As the month of August was coming to a close, my beautiful best friend was having her bridal shower in Virginia. With Jon being on convalescent leave for his wrist surgery, we decided to take the opportunity to head up North and explore a part of the country that neither of us had seen. So, following an afternoon of laughter and joy for the new beginnings ahead, Jon picked me up and we started our trek.
Our first stop was in Michaux State Forest for a quick campout. We strolled along the lake the next morning and took the scenic route through the woods, admiring the dense forest around us.
We drove through the day to reach the Dix Mountain Wilderness in New York. This breathtaking place is part of the Adirondack Mountain Range. I could have easily spent an entire week here. We cooled off in an alpine lake called Chapel Pond and chatted with an old rock climber as the sun went behind the mountains. Finding a turnout after the lake, we cooked up some veggie burgers and then headed down the road for a brief hike to our campsite. We set up near the river and only a few feet away from a waterfall. Talk about peaceful. Early the next morning, we watched the sunrise over Chapel Pond with steam covering the water.
And then… I finally got to use my passport and leave the United States for the FIRST TIME! Granted, it was Canada, and I didn’t even get a stamp, but I was excited. Montreal really did feel out of this country. Everything was in French, from the signs to the people speaking.
We stayed at M Montreal Hostel, an extremely nice place for a reasonable price if you’re ever in the area. We wandered the cobblestone streets of Old Montreal, walking past all the old churches including the Notre Dame Basilica, and enjoying French pastries at Tommy’s Cafe in the British Empire Building. I tried my first Poutine at La Banquise and am hooked on the cheese curd, gravy, french fry delicacy. After figuring out the bus system (or so we thought), we rode to Mount Royal. We actually ended up getting off a stop too early and having to hike up the mountain in order to reach the lookout point. We missed sunset, but we still got some beautiful pictures of the cityscape at night. The evening ended with karaoke at the hostel as people from all over the world sang their hearts out. It was quite entertaining.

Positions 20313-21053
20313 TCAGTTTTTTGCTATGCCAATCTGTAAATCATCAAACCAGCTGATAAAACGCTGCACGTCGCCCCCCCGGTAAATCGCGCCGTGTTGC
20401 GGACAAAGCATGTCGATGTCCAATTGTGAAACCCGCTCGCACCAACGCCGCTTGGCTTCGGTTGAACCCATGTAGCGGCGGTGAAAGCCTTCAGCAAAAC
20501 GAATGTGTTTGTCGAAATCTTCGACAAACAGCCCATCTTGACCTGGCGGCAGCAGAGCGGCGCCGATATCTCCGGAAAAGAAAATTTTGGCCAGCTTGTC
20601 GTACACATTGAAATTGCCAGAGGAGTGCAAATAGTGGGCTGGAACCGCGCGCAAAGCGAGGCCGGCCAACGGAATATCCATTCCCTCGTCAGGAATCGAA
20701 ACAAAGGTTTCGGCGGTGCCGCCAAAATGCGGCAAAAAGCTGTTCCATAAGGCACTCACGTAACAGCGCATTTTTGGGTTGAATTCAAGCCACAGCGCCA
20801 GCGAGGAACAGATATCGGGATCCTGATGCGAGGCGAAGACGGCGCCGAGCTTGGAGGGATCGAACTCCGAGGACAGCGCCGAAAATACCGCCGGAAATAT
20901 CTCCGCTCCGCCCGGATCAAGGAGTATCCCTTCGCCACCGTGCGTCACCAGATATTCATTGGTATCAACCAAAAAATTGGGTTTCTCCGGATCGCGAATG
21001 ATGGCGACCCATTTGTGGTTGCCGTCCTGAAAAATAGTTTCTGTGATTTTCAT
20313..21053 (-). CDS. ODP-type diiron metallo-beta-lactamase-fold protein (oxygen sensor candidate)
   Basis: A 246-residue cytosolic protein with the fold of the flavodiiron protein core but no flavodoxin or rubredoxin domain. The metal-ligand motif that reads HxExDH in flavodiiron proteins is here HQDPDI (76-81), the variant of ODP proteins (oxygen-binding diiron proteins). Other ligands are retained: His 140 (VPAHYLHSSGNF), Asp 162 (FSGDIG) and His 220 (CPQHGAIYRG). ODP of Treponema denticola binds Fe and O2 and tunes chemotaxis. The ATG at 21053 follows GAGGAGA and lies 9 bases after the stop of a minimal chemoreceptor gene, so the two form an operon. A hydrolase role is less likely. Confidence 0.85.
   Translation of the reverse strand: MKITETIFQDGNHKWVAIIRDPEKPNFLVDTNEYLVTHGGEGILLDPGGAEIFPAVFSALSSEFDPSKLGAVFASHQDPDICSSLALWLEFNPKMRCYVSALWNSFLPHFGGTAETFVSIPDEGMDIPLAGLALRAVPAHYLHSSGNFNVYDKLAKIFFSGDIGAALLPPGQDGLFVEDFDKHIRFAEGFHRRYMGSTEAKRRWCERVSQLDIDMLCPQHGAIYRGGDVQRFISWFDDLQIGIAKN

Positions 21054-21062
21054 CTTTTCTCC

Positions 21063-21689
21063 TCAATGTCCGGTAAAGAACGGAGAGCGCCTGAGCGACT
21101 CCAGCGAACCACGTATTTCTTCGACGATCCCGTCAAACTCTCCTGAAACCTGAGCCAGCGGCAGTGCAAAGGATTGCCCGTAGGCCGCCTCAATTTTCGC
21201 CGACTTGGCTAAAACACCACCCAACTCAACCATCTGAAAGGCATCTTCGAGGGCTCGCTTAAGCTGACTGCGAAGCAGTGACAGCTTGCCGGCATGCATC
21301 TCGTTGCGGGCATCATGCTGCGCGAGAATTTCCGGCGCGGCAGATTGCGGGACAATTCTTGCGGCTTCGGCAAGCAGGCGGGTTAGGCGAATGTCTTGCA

The next morning we stopped at Jean-Talon and Atwater Market to enjoy pizza, gelato, and oranges from South Africa.
After our bellies were satisfied, we said our goodbyes to Canada and headed to Maine. The drive took us into the night, so our initial take of Acadia National Park was in the dark. Wanting to catch the first sunrise in the lower 48, we slept in my car on Cadillac Mountain. What a view to wake up to!
Let me just say, Maine is an incredible place. The drive the day before had already shown me that. After spending the morning in the Wild Gardens of Acadia and hiking the Precipice Trail, I was more convinced than ever. This was unlike any hike I’d ever done. There were parts of the trail that involved ladders made of metal rods attached to the rocks in order to make it to the next level. So. Awesome. And the view wasn’t too shabby either.
After our hike, we walked around at Sand Beach and Thunder Hole before heading to another part of the island. We drove around and admired the cute coastal towns, stopping at Seal Cove and Seal Cove Pond before watching the most beautiful sunset ever at Bass Harbor Head Lighthouse. Being on a sunset high, we did not want to go back to camp just yet. We ate a lobster roll at Thurston’s Lobster Pound (ranked on the 17 Essential Maine Lobster Rolls) and enjoyed a late night apple pie at Quiet Side Cafe.